A year ago now, when the Bush Administration was preparing the world for an American invasion of Iraq, John le Carré wrote a column of scathing, sharp-toothed commentary for the Times of London. “America has entered one of its periods of historical madness,” the piece began, “worse than McCarthyism, worse than the Bay of Pigs and in the long term potentially more disastrous than the Vietnam war.” The master of espionage fiction went on to assert that “the religious cant that will send American troops into battle is perhaps the most sickening aspect of this surreal war-to-be.” In a full-throated critique of “the Bush junta,” le Carré rejected the with-us-or-with-the-terrorists choice Washington offered the rest of the planet and regretted, most of all, the world’s failure to construct any middle ground in the matter of Saddam Hussein. “I’m dead against Bush,” he wrote, “but I would love to see Saddam’s downfall–just not on Bush’s terms and not by his methods. And not under the banner of such outrageous hypocrisy.”

One may not want to begin a consideration of any author’s fiction with reference to his political views. A novel is an implicitly transformative work, after all, and a novelist’s opinions as to the nature of public events are something altogether different. But it is too tempting to relate the two in le Carré’s case. Both the author and the commentator have become increasingly and openly political in recent years. And le Carré doesn’t seem to want readers to miss this point. His most recent book, The Constant Gardener, was a frontal attack on the Third World testing practices of the global pharmaceutical giants, and he chose to add a pointed postscript. “As my journey through the pharmaceutical jungle progressed,” he wrote, “I came to realize that, by comparison with the reality, my story was as tame as a holiday postcard.”

Absolute Friends, le Carré’s nineteenth novel in a career that now spans five decades, arrives with no such label attached, but it doesn’t need one. Through the thoughts and conversations of its main characters, le Carré takes on everything from Neville Chamberlain’s appeasement of Hitler and the partition of British India to the Shah of Iran, the Greek colonels, the Vietnam War and, yes, last year’s invasion of Iraq. Very little of the postwar era is left out, and one is left wondering about the extent to which le Carré has made himself a ventriloquist in this book, speaking more directly through his invented voices than longtime devotees of his fiction might expect.

My guess, with a batch of le Carré’s not infrequent newspaper commentaries at my elbow, is that the main characters in this book–the absolute friends of the title–can often enough be taken to speak quite explicitly for their creator. Like him, they stand for a middle way in the many divisions that beset the world we have made for ourselves–between East and West during the cold war, between American hegemony and Europe’s so far supine response to it in the post-cold war years, between Islam and the West. Call it convergence, as we used to before the Berlin wall came down, or call it multilateralism, as we do now. When le Carré’s protagonist, Ted Mundy, and his longtime friend Sasha speak of these matters it is hard not to hear something of le Carré’s thinking in what they have to say.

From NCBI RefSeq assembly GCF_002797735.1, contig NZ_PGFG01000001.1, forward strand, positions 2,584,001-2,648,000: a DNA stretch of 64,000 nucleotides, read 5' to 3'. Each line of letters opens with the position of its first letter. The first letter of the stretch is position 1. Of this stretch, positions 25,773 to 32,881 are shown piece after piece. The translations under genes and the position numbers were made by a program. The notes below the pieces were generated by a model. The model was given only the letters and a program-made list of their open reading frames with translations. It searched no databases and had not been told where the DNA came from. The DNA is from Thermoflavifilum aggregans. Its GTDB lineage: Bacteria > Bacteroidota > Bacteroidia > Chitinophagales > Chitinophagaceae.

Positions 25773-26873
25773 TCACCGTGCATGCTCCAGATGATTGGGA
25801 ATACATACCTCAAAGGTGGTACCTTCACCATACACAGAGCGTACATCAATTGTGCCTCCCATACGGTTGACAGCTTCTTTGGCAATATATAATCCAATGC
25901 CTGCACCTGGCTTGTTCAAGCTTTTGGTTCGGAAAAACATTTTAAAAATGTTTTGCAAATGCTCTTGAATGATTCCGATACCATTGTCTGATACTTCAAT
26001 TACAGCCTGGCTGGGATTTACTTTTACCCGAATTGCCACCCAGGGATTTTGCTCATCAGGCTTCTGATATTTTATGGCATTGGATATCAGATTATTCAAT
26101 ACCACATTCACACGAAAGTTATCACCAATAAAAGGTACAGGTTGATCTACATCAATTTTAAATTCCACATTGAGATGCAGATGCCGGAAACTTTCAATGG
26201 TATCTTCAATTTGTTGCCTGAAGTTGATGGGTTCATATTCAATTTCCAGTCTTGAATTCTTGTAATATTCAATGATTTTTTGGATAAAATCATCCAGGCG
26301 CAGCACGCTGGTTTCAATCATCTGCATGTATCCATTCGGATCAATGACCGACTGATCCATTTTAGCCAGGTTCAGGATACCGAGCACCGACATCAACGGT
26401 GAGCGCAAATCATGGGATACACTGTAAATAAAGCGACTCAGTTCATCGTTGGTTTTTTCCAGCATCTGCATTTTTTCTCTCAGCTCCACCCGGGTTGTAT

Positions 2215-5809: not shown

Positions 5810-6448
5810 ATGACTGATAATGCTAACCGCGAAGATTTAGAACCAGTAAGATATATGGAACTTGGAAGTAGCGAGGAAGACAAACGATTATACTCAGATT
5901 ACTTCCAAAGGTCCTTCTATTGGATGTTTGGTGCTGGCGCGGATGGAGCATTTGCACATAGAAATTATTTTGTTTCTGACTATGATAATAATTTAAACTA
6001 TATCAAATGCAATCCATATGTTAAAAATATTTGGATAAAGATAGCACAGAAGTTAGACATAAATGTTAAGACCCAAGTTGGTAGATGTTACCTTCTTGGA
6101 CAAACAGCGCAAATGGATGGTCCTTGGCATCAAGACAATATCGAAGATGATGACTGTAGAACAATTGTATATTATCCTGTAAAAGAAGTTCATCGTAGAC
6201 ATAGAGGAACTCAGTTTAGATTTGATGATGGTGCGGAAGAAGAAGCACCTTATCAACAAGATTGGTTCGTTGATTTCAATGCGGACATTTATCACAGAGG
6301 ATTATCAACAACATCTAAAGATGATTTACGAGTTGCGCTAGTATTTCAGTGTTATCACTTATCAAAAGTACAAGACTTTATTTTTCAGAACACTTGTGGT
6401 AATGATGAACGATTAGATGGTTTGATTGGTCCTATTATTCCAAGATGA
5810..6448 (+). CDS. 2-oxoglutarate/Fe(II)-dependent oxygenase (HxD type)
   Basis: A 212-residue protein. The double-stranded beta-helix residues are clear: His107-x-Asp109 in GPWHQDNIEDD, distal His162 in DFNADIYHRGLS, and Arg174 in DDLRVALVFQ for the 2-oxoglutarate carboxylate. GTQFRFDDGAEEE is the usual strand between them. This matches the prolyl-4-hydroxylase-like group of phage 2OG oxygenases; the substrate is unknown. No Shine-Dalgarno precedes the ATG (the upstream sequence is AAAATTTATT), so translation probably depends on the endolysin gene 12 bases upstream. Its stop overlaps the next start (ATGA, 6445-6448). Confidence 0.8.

But if Absolute Friends were no more than an exhaustive critique of postwar history it would hardly be worth its weight as a work of fiction. And for all the prominence le Carré gives politics in this book, it would be a misreading to make too much of it. In this respect le Carré is coming to resemble Graham Greene, which lands him in elevated company. Greene was probably further left than le Carré, but that is not the point. Political perspective is everywhere evident in the work of both writers–an animating force, if you like. But who would ever think to call the output of either “political novels”?

Absolute Friends is the biggest book le Carré has written since his 1986 masterpiece, A Perfect Spy, and is nearly as successful. Yes, there’s plenty of espionage in both novels. But in the end the politics and the spying are background–devices, in a word–for these are genre novels that triumph by transcending the genre and giving us something close to important literature. The old triumvirate–plot, character and theme–are once again superbly balanced in Absolute Friends. Ted Mundy is every bit as complex as Magnus Pym, the perfect spy of A Perfect Spy. So is Sasha, Mundy’s joined-for-life counterpart from their student days in the 1960s until they meet their tragic ends together in our time.